Google Street View Car  (Source: Google)
Investigation centers on capture of Wi-Fi data

Google's Street View has raised the ire of the U.S. and foreign governments on more than a few occasions. The Street View service sends a fleet of cars out to drive down roads around the country and shoot images as a driver would see them.

Google has found itself in hot water in South Korea over the capture of data from Wi-Fi users by its Street View vehicles. South Korean law enforcement has stated that the data collection was related to the launch of Street View within South Korea.

A statement was released by the Korean National Police Agency stating,"[The police] have been investigating Google Korea LLC on suspicion of unauthorized collection and storage of data on unspecified Internet users from Wi-Fi networks."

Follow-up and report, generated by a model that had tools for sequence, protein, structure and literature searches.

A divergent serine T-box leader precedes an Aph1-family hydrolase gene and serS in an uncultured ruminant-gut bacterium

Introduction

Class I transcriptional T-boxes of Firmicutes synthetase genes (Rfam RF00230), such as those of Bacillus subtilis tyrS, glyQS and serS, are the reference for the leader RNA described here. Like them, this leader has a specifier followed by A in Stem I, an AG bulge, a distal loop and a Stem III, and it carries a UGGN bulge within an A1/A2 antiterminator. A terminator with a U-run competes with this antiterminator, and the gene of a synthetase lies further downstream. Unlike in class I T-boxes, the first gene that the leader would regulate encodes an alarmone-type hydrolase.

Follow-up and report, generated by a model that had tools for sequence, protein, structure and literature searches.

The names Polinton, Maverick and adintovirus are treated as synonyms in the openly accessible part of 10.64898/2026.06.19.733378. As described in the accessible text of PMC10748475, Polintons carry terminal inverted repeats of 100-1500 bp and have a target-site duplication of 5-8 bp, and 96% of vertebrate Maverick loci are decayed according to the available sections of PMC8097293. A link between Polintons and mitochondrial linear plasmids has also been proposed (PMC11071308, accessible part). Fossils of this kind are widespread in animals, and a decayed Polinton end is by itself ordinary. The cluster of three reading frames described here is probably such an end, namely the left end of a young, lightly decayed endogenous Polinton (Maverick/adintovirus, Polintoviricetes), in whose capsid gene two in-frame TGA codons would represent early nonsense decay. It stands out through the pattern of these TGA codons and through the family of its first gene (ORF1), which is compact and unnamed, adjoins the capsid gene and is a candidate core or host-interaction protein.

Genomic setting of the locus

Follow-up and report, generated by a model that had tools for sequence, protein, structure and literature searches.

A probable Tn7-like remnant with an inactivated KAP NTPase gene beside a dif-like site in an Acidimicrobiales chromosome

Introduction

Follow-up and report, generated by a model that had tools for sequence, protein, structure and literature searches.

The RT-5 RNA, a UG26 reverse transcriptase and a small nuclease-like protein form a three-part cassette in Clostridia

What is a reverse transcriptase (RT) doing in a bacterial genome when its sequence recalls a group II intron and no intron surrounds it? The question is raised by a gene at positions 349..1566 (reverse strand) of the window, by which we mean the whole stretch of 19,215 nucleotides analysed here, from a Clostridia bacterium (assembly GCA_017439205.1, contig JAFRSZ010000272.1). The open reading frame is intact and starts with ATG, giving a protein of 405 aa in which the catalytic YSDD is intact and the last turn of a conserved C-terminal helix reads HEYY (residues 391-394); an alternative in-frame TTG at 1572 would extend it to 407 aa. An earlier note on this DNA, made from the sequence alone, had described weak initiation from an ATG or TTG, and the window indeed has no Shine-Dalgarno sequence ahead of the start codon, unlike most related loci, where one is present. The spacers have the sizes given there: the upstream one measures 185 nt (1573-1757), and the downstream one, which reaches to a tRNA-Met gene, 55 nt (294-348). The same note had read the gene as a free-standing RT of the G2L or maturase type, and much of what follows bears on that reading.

South Korea isn’t the only place that Google has been met with legal proceedings over the collection of data by Street View vehicles. Reports first surfaced in Europe concerning the data capture issue – Google maintains that the collection of data by the fleet from unsecured wireless networks was an accident maintains.

Google has provided the copied data to European regulators for investigation.

Canadian authorities have also launched a probe into the capture of Wi-Fi data from unprotected networks within its borders. Google has also been hit with lawsuits in the U.S. that stem from collecting similar data in America.

"We are going to continue to work with them to make sure they understand the reality of the Internet.  A lot of these people don't have Ph.Ds, and they don't have a degree in computer science." -- RIM co-CEO Michael Lazaridis

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